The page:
Leading Boston Business Group Honors Wentworth President Zorica Pantić
December 6, 2018
President Zorica Pantić
Wentworth Institute of Technology President Zorica Pantić, Ph.D., is one of eight “remarkable,” senior-level women chosen for the Greater Boston Chamber of Commerce’s 2019 Pinnacle Awards for outstanding achievement in business and management.
The Pinnacle Awards recognize transformative leadership that enhances the quality of life in the region. President Pantić was selected in the Health Care, Arts and Education awards category.
The awards will be presented Feb. 1 during a luncheon at the Boston Marriott Copley Place Hotel, marking the 25th anniversary of the chamber’s Women’s Network—the largest community of professional women in New England.
“I can’t think of a better way to kick off our 25th anniversary of the Women’s Network than by celebrating these eight incredible women, their contributions to their organizations, their communities, and the overall advancement of women in the Greater Boston business community and beyond,” said James E. Rooney, president and CEO of the Greater Boston Chamber. “Our Annual Pinnacle Awards are always a Chamber programs highlight, but this year’s celebration will be one for the books, setting the tone for our focus on women in business throughout this year and for the next 25 years of our thriving Women’s Network.”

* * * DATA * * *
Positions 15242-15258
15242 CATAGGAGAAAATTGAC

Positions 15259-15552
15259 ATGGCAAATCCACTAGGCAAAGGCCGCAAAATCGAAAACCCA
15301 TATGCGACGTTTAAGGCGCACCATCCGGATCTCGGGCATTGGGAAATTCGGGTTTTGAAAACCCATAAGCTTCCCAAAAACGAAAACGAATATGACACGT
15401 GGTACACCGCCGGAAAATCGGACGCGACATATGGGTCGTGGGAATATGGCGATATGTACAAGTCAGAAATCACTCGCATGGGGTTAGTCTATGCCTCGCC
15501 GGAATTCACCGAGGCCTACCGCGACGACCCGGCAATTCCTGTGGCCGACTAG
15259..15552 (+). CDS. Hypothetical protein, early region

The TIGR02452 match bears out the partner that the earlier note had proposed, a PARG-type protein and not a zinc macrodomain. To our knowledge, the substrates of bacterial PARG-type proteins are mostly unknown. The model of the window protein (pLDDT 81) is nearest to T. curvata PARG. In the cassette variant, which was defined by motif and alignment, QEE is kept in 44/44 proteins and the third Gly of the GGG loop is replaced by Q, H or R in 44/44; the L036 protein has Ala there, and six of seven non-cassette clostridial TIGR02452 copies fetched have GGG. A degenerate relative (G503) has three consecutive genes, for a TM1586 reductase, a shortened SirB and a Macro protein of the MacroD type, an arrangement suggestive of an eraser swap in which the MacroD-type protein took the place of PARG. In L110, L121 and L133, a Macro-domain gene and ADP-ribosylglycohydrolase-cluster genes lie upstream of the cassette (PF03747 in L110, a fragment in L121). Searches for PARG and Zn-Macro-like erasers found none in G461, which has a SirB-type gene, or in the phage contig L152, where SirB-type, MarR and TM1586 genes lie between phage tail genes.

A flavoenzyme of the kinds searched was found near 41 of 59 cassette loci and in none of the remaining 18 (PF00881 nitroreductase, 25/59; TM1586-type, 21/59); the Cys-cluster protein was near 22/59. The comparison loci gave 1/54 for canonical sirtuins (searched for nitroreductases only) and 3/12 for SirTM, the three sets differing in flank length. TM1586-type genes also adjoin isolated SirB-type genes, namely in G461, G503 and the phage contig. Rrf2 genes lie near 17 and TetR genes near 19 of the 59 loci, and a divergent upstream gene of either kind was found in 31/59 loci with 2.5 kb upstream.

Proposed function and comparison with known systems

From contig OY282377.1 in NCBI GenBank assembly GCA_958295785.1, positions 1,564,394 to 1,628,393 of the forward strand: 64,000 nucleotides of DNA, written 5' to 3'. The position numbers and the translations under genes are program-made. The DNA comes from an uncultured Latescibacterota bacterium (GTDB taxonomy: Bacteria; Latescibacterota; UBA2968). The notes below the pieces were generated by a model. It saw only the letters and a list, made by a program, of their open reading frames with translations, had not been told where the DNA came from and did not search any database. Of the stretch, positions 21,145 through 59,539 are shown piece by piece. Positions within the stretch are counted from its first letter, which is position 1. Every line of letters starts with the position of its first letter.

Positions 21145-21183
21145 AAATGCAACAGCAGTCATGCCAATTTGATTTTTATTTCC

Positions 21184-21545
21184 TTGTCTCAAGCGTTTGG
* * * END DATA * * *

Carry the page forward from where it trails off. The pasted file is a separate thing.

Other 2019 honorees are: in entrepreneurship, Marlo Fogelman, principal, Marlo Marketing; in management, private, Amy Latimer, president, TD Garden; in management, government, Lisa S. Wieland, port director, Massachusetts Port Authority; in management, nonprofit, Deborah Hughes, president and CEO, Brookview House; in professions, Dani Monroe, vice president and chief diversity and inclusion officer, Partners Healthcare; in the emerging executive category, Julie P. Livingstone, development manager, HYM Investment Group, LLC; and for lifetime achievement, Anita F. Hill, professor at Brandeis University.
Pantić, who became president of Wentworth in 2005, is the first woman-engineer to lead an institute of technology in the United States. Under her leadership, Wentworth introduced seven graduate programs, thus becoming a master’s degree granting institution and achieving “university” status.
Pantić has also overseen the introduction of 10 undergraduate programs (eight in engineering), a $300 million investment in state-of-the-art facilities, and a 20 percent enrollment increase. Wentworth’s enhanced experiential-learning model, combined with a focus on innovation and entrepreneurship, resulted in excellent regional and national rankings for the Institute, including top eight percent for return on investment in the United States and top 50 women-led businesses in Massachusetts.
Pantić was the founding dean of the College of Engineering at the University of Texas at San Antonio, director of the School of Engineering at San Francisco State University, and a Fulbright Fellow. She received her B.S., M.S., and Ph.D. degrees in electrical engineering from the University of Niš, Serbia.
June 17, 2019—A group of Wentworth students head to Boston’s Prudential Center. They’re not going to shop, dine, or work—not in the traditional sense anyway. They’re going to class.
June 12, 2019—Reporter Laura Krantz documents in the Boston Globe how Wentworth Architecture students looked at reuse options and presented those ideas to the Eliot congregation, as well as how the church represents a strong piece of the overall Roxbury community.
June 7, 2019—Wentworth community members were thinking globally when they gathered to help raise funds for middle and high school UN Education programs.